Breaking in

On June 17 police received a call from a crying 15 year old girl. She reported that her father George West, 48, was hitting her mother Fatima West and she thought he had a steak knife. Fatima West later wrote in an affavidavit for the application for a restraining order that West had pushed her to the bed, removed her clothing, grabbed her by the throat, held the knife to her chest and threatened to cut and kill her. She also told the court that in the past, West had threatened the children. West was charged with assault and battery and assault with a dangerous weapon. And a restraining order was granted.

 Reportedly on Aug. 28, Fatima West requested the restraining order be dropped. Then the couple allegedly went shopping for a new car for the wife. On Sept. 1 Fatima West filed for a legal separation. Then on Labor Day reportedly Fatima West and the couple’s two children spent time at West’s apartment. One article says the couple were trying to reconcile.

On Tuesday at 3:00 am, police got another call from the 15 year old and from Fatima West. Reportedly the 15 year old told the dispatcher that her father was hitting and strangling her mother. Reportedly Fatima West told the dispatcher “I was sleeping. He tried to open my window and come in,” “I had to push him out… He hit me with his head, he hit me on the face. He was being physical.”

Fatima West also stated that she was sleeping and heard a noise at the window. She saw West trying to wriggle his way into the window, and he was telling her that he had tried to call her and didn’t get an answer. Reportedly when she screamed, he ran away. West was charged with assault and battery and unarmed burglary.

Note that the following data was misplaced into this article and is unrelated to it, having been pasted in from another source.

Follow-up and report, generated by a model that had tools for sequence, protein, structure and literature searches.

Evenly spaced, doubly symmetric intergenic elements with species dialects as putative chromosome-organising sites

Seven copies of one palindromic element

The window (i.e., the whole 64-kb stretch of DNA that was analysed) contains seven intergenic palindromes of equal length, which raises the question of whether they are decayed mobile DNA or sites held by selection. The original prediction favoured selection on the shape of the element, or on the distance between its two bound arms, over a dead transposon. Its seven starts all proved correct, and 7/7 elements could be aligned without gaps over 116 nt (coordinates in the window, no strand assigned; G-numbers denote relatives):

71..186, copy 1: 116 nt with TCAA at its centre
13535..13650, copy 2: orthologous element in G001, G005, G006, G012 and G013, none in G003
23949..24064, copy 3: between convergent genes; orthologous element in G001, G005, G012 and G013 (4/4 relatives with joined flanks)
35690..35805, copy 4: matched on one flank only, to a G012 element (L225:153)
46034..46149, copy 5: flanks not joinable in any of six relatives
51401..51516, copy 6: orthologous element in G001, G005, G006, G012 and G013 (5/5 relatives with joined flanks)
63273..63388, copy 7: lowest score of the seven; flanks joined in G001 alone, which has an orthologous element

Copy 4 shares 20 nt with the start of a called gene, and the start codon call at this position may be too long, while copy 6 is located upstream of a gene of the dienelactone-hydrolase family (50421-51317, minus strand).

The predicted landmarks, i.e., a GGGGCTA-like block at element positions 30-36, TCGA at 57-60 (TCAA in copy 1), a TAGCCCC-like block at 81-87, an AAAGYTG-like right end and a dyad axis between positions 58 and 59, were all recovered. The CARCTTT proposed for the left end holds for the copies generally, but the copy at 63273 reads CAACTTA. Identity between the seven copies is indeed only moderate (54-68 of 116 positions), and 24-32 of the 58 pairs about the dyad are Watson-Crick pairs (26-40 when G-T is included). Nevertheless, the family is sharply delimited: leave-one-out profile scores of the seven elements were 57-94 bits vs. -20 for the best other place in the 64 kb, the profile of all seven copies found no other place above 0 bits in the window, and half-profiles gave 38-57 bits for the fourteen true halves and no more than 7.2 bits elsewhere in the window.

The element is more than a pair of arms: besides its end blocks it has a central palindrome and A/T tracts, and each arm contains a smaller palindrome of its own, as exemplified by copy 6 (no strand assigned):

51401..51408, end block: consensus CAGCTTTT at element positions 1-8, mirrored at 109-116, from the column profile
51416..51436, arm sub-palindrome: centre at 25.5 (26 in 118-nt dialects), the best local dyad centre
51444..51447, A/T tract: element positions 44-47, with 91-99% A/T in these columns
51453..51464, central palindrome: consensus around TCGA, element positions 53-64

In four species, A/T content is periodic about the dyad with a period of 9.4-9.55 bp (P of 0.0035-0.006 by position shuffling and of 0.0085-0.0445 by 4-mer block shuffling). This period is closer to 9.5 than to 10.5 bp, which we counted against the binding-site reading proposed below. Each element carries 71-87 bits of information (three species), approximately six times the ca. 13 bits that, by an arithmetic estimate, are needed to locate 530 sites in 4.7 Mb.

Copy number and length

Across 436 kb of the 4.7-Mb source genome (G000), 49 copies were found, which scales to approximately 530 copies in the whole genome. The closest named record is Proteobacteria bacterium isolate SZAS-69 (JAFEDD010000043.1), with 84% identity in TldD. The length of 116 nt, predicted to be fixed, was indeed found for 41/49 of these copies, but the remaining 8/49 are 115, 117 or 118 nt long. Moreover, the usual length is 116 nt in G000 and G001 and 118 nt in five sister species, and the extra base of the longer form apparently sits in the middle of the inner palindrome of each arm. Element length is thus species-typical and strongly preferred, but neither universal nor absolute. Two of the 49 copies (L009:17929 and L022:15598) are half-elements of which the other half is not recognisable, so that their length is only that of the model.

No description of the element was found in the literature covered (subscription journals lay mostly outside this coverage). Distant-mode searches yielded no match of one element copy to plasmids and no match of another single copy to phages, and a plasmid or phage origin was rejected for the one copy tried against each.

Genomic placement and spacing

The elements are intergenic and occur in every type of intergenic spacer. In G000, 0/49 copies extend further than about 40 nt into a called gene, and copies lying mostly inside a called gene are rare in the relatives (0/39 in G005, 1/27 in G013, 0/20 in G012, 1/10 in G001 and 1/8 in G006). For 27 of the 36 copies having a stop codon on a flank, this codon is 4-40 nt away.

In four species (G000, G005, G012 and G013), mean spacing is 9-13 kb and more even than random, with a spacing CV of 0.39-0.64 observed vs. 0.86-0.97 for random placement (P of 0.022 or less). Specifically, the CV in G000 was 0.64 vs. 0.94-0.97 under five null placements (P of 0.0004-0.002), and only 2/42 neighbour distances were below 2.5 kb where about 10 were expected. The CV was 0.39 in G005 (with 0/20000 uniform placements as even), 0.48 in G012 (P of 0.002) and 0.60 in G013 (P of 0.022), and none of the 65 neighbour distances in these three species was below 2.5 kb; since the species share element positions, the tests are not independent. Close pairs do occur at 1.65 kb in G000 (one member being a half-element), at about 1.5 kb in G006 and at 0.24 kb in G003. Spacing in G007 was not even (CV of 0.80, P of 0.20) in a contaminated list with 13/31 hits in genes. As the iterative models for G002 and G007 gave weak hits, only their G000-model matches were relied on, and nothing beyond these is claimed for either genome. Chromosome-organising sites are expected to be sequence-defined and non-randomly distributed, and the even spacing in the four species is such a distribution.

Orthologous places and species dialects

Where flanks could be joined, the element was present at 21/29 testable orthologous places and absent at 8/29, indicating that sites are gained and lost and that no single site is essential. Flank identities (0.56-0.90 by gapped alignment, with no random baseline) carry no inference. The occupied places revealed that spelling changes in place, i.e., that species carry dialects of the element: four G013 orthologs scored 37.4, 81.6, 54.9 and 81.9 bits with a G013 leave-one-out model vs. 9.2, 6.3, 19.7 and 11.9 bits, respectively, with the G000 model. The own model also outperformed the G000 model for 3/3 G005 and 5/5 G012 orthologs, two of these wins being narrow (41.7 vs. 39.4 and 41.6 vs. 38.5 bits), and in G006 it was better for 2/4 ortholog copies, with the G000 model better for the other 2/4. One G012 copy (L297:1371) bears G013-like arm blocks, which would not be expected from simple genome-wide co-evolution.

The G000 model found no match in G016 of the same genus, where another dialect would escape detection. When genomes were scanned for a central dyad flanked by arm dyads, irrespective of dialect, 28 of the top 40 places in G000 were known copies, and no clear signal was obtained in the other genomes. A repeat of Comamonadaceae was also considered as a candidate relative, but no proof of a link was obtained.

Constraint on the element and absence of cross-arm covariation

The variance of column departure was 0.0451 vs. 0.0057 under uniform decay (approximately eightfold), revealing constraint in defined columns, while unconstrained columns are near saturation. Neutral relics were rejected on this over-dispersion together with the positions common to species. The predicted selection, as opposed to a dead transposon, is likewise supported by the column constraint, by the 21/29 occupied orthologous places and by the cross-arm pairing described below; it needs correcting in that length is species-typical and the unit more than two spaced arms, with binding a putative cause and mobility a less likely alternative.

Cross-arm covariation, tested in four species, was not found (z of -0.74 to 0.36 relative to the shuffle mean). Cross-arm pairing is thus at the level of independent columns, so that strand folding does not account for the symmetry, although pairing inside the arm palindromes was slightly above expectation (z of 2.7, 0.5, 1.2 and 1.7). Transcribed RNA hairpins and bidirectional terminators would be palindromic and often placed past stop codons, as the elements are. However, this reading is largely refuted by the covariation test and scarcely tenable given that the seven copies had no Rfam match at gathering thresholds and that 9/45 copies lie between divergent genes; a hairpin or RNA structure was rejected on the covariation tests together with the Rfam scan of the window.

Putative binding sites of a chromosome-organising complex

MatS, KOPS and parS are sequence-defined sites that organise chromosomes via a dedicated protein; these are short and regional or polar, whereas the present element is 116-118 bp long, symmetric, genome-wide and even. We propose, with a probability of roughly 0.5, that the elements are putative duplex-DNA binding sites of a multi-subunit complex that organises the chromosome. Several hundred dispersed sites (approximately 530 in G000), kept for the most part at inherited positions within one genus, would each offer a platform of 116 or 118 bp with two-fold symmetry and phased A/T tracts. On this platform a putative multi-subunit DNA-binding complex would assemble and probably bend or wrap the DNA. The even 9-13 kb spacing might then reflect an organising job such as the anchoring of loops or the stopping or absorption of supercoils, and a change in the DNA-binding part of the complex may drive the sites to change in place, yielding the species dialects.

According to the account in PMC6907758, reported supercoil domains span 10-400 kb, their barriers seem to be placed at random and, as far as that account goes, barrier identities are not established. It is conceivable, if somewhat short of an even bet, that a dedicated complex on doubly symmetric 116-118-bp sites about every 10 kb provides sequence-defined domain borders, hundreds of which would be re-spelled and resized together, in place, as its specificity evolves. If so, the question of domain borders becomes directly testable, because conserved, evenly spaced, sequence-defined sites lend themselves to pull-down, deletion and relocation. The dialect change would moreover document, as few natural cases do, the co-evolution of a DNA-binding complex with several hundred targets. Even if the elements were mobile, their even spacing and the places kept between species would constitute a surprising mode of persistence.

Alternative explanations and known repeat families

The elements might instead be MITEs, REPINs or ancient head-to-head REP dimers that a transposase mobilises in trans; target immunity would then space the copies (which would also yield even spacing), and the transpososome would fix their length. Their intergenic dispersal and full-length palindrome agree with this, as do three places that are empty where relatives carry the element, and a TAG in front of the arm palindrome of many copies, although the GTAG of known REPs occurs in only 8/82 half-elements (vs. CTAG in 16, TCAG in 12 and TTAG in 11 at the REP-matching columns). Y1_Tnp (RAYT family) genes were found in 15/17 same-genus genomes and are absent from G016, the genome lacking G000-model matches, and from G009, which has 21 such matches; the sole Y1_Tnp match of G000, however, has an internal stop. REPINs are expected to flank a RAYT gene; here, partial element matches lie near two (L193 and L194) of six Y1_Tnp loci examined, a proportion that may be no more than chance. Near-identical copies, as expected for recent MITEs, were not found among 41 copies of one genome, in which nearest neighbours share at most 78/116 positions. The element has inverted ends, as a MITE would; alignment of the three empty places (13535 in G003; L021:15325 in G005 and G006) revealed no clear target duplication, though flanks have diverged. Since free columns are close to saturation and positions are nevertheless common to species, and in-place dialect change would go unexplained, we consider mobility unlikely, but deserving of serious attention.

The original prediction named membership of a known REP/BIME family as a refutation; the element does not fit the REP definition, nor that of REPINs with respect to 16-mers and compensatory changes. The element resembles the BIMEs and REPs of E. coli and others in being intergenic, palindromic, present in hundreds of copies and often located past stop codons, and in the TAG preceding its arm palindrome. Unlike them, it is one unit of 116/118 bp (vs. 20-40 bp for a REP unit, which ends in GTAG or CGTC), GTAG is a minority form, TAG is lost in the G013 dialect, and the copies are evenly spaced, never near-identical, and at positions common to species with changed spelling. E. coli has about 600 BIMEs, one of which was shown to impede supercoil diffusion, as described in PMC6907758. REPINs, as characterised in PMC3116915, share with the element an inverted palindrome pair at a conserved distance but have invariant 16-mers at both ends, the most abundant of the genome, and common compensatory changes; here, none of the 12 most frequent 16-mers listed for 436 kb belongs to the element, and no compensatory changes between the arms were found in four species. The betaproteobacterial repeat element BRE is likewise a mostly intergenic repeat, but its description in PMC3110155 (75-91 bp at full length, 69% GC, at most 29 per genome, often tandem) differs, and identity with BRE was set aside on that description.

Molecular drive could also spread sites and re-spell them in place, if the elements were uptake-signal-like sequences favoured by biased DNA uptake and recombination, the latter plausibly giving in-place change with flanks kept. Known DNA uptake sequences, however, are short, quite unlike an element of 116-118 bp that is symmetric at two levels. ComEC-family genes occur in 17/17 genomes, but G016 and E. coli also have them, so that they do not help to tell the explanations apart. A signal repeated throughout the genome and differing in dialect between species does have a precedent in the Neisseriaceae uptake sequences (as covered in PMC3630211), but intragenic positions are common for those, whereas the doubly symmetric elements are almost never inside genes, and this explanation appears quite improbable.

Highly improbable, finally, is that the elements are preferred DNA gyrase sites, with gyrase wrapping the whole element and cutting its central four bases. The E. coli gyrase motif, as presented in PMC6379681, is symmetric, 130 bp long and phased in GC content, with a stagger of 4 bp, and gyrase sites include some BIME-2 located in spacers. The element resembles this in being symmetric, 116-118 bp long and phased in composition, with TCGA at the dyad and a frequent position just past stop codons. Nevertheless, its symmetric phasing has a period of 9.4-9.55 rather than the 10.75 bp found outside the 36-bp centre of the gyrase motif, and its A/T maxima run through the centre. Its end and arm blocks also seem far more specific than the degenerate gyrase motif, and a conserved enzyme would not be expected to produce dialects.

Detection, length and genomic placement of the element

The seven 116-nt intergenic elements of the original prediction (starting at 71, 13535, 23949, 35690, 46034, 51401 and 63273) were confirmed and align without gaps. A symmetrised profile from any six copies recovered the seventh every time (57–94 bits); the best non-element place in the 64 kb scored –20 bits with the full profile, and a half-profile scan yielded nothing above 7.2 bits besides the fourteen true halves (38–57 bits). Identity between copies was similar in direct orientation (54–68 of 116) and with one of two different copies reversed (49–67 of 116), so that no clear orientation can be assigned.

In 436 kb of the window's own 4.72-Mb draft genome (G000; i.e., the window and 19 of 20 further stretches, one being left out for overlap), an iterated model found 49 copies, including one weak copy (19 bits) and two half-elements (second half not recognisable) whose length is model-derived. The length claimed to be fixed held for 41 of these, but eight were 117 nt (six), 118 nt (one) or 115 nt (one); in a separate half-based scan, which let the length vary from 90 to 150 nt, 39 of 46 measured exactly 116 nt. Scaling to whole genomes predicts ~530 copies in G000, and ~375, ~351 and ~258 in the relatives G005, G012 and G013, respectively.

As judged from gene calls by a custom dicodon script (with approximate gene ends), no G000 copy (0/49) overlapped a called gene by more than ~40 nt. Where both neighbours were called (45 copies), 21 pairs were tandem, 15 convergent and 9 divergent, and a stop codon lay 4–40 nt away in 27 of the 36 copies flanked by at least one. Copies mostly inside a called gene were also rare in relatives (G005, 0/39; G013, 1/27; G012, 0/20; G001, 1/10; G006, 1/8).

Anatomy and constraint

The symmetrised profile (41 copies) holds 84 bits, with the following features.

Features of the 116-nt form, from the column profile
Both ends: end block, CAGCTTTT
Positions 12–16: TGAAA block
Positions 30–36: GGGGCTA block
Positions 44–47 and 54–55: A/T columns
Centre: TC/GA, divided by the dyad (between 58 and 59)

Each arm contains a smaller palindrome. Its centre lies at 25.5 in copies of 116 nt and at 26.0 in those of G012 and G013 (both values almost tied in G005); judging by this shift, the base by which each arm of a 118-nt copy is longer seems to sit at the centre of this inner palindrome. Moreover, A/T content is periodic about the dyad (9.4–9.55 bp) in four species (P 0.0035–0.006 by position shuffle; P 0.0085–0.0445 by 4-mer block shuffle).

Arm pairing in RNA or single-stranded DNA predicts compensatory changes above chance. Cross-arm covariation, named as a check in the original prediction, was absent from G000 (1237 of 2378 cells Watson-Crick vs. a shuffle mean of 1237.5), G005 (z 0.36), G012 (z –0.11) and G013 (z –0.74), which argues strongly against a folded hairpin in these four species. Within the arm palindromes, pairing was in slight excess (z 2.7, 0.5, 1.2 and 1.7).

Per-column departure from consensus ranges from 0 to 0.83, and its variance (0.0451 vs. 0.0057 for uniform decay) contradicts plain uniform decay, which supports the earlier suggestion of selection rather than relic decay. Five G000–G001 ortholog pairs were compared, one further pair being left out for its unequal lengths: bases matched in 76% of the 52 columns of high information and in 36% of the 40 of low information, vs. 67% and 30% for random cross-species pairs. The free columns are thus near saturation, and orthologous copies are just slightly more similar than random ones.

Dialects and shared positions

Fri. was a dangerousness hearing for West. In the hearing the prosecutor pointed out that if West was out on bail, he could be a danger to the family. She pointed out that he had trouble maintaining control of his temper and she pointed out that trying to break into the home at 3 am was not rational behavior.

Fatima West reportedly told the court that in the June 17 th incident she had told West she did not love him because of his treatment of her and that she was leaving him. And in Tuesday’s break in that West did not hit her except with his head as he was trying to wriggle through the window. And that he did not strangle her. Reportedly she had previously told the court that she had told West that she had had an affair, but in the hearing she denied that. Fatima West told the court that it would harm West to be held in jail and that what needed was psychological help.

Bail was denied by the court and the restraining order was reinstated.

http://www.telegram.com/apps/pbcs.dll/article?AID=/20060909/NEWS/609090335/1101

http://www.metrowestdailynews.com/localRegional/view.bg?articleid=139834

The couple had been married for 17 years and had two children a girl age 15 and a boy age 11. The 15 year old girl was mentioned with both 911 calls, and that leads me to believe that she saw at least some of both incidents. First she sees her father attacking her mother with a knife and then a little more than a month later, she witnesses her father breaking into her mother’s bedroom. How traumatic that was to her, how frightened she was only she would be able to say.